Our subject's grandfather, Aaron G. Rogers, was a farmer, and the father of six children, five boys and one girl. He was a native of Virginia, and died in Missouri at the age of eighty-six years. Besides his farming activities he preached in the Methodist Episcopal church. His military record is interesting and notable. In 1794, when General "Mad Anthony" Wayne, the hero of Stony Point, New York, was sent into Ohio to quell the hostile Indian tribes there, Aaron Rogers was a soldier in the small army of rangers and riflemen. He braved the hardships along with the rest of that courageous company, and wielded his flintlock as effectively as any. Again, in 1812, he saw hard service under command of William Henry Harrison, after "Old Hickory" had made his name famous at Tippecanoe. The campaign against hostile Indians was practically ended for an interval by the defeat of the Shawnees at the above mentioned place, and consequently Aaron Roger's service was, for the most part, directed against the British, who were then in the process of being "licked" the second time. The, military career of Aaron Rogers was replete with interesting events and it is our regret that more space cannot be afforded for a complete account of them. His life was inspiring, as was the life of Joseph Rogers, our subject's great-grandfather, whom we narrate of in the following paragraph.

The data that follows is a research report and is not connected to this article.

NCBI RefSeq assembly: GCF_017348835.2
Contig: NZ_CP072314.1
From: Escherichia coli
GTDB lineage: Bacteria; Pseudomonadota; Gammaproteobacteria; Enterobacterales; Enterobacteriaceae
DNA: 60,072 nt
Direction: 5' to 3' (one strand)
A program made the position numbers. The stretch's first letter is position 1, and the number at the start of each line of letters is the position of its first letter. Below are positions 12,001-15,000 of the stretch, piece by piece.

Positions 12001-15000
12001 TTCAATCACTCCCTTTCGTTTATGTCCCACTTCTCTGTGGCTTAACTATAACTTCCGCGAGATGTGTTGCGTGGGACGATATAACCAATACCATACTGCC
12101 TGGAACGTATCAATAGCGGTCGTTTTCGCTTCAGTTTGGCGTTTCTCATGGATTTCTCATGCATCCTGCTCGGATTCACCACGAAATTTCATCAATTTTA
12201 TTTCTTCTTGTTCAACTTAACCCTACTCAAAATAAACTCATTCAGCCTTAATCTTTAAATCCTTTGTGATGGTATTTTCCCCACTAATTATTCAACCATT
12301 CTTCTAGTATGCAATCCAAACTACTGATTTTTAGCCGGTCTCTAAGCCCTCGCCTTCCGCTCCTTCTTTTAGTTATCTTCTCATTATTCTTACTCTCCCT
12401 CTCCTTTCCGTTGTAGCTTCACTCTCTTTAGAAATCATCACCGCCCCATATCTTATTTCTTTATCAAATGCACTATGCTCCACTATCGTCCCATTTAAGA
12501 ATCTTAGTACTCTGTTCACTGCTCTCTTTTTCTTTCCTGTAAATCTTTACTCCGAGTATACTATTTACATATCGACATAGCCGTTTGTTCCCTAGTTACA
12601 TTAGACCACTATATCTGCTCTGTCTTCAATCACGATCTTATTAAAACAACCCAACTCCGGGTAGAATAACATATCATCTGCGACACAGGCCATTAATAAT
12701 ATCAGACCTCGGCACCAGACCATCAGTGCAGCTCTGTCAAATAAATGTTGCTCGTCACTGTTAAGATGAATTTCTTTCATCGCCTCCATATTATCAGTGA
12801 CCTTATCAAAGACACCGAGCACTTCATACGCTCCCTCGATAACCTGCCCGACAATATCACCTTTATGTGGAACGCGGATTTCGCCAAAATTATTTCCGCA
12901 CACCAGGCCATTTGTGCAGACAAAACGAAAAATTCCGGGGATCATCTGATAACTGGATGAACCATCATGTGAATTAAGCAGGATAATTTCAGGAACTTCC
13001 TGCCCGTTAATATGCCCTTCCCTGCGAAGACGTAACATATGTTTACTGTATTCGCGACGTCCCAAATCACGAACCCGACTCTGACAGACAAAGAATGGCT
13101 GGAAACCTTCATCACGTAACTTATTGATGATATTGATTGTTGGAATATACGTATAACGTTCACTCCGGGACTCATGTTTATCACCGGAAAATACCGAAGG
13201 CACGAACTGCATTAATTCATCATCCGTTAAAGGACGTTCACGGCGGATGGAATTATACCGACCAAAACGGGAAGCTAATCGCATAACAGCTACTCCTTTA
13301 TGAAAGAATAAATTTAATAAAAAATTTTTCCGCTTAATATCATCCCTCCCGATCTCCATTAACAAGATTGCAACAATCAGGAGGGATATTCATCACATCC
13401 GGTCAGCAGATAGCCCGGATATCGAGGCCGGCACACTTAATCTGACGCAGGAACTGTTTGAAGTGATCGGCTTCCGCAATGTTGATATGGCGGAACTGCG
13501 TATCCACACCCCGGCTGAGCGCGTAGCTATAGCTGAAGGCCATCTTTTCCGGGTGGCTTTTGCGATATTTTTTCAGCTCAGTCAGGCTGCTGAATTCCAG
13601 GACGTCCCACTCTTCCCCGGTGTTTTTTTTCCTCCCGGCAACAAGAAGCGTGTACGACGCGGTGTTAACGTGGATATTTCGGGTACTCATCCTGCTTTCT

Joseph Rogers was probably a native of Virginia, as the Old Dominion was, according to historical account, the home of the Rogers family, from the time of their voyage from the shores of the mother-country, Wales. Joseph Rogers was one of the first patriots who rallied to the flag when the Revolutionary war was declared. On that historic date of June 17, 1775, when the British troops around the town of Charleston, Massachusetts, stormed the Americans, fortified on Bunker Hill, Joseph Rogers was one of the noble hundreds who time after time drove the "red coats" back, and fought stubbornly until lack of ammunition lost the patriots the redoubt at the summit. He suffered a bullet wound in this, engagement, but was not incapacitated for further service in the colonial army. John Rogers, Joseph's brother, was also a soldier in the American army. On September 11, 1777, at the battle of Brandywine, or Chad's Ford, Pennsylvania, he was killed by an English bullet. Joseph Rogers died after the war in Virginia.
            Our subject's grandmother on his mother's side was Abigail Jones, and she was born in Virginia. She married a Virginia farmer and then they came to the Hoosier state, where she died at the age of eighty-nine years. Our subject's family, both paternal and maternal, are of Welsh descent.